We were in Memphis, Tennessee for training. So when we weren’t on television, we were there. We were told that we had to do all these shows in Memphis. So we had one loop where we had to go down to Louisiana through Mississippi. We had a huge loop on our off time. Then get back up to Memphis to travel.
It was a lot of driving and I had a car that I didn’t want to put all the miles on. I had met this guy in a bar who had a limo service. He goes, “Hey, I’ve got this stretched Navigator. How about you guys hop in and I’ll drive you guys around? I’ll do it for nothing.” He was just a wrestling fan, you know?
Now we’ve got eight guys piled in. Actually, it was a bunch of guys from MCW, Memphis Championship Wrestling. Some of the guys were also doing developmental for WWE stuff, where they were on television as well, but they weren’t doing much. We all piled into this big stretched limo with cans of beer and stuff. We’d pull up to these shows and open up the limo door and literally have a couple cans of beer falling out of it. Kevin Kelley would pull up and he’d be doing commentary for us in Memphis.
So, he’s pulling up in a Ford Taurus and we’re pulling up in a stretch and have all these cans. So word got back to the office that we weren’t paying our dues in driving on the road, we were driving in stretched limo. So, literally, I got called into the office. They literally yelled at me two to three weeks in a row, and talked to me. Said, “Do you understand why you’re doing that? You’re supposed to be paying your dues.”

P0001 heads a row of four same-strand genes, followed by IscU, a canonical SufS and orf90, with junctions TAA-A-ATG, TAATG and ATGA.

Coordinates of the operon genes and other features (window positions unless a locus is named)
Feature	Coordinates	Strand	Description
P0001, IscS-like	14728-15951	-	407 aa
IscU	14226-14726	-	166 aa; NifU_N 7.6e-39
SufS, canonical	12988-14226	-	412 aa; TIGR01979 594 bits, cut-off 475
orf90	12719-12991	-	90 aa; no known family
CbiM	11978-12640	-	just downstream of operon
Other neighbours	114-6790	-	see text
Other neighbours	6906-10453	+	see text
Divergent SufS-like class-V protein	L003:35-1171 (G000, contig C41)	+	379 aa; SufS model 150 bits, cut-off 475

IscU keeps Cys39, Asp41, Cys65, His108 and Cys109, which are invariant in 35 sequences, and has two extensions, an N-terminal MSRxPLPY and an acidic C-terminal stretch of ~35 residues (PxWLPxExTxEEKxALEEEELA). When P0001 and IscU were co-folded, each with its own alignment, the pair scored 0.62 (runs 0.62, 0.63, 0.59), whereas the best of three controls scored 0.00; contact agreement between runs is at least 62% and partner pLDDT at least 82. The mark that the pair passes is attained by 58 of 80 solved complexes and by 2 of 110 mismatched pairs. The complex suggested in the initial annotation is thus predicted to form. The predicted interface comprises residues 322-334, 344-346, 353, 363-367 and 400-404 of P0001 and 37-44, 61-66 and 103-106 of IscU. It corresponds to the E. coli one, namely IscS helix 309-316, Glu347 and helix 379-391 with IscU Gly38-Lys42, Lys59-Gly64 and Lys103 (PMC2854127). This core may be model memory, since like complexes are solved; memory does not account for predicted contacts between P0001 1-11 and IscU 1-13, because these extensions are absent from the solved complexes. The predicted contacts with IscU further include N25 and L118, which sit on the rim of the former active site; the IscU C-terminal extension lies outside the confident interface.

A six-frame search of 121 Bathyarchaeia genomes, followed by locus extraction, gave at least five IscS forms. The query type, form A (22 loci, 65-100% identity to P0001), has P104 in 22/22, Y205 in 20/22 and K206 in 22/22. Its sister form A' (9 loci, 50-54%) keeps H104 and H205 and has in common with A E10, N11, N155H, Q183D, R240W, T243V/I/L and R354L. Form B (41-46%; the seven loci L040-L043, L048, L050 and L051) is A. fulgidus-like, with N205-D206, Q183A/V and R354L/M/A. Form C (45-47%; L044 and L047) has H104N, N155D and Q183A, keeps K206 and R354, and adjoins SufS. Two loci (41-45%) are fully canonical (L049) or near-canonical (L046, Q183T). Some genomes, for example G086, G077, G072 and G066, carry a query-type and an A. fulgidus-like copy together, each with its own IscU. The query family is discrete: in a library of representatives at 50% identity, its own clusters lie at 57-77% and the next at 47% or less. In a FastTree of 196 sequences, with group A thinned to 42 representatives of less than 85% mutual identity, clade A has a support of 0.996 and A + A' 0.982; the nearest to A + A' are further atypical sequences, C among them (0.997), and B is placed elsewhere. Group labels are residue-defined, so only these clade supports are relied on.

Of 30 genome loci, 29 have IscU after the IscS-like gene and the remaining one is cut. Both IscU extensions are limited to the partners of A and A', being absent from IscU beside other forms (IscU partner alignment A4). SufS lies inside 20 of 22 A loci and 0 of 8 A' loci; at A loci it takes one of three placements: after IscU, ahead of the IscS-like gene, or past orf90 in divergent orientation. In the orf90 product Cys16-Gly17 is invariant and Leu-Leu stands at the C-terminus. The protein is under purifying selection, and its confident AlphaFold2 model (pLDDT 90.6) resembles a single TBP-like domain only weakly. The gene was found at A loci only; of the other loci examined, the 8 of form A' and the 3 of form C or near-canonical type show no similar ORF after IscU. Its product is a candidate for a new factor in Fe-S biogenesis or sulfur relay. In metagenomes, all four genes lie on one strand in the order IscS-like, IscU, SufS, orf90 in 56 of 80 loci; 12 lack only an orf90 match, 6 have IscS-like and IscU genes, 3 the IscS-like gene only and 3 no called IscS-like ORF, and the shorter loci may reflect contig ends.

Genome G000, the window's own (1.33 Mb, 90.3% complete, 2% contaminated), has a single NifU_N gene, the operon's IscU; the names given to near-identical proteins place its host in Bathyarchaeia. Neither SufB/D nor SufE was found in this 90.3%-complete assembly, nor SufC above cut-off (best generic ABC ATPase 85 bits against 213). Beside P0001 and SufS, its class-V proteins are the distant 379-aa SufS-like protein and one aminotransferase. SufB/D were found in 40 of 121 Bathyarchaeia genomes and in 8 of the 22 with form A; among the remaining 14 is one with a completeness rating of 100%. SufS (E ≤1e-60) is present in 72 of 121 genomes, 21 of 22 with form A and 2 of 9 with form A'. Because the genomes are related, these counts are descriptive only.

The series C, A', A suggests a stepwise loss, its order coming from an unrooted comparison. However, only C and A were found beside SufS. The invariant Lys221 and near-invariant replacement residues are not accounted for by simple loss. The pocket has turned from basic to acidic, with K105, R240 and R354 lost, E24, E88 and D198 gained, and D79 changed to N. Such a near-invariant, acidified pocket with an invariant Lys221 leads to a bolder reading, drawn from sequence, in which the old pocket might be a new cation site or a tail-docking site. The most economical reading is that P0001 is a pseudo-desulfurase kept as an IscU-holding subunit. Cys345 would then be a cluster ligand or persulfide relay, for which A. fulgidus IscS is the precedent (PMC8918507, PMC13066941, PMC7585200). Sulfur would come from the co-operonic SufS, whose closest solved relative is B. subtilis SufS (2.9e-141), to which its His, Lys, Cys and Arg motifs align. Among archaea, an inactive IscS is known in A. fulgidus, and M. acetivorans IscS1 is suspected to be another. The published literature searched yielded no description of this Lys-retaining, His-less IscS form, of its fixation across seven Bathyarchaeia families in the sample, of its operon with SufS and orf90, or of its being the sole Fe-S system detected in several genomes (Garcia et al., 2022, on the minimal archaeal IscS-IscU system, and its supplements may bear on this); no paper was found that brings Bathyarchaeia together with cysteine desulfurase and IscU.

I understood, but I also thought, it’s a free and it’s someone driving us. We don’t have to put the miles on the car. My theory was like, “I understand but the guy was doing it for free.” The guy never took a dime or nothing, gas money, nothing. He was just happy to be driving us.
This was just the one infraction that they brought you in two or three times for?
Yes. I was in there for at least two weeks, minimum, and I was getting my butt chewed out by [Jim Ross]. I remember, it was in Los Angeles the following week. I got called in and went into the locker room. Road Dog had said to me, “What did you get chewed out for?” I told him what it was.
He goes, “Wait a minute. All you did was get a ride from someone?” I was like, “Yeah.” He says, “Give me that guy’s number. If they don’t like it, you can tell JR [to shove it].” It was just the way he did it, it was just so funny. He made light of it.
People are still getting chewed out today, it seems. There is an alleged situation with Rusev where he was booked to face the Undertaker in a casket match at The Greatest Royal Rumble. As I’ve understood it, and in speaking with you in the past, if there’s one guy you don’t mouth off to, it’s the Undertaker. Are you surprised that things wound up playing out the way that they did?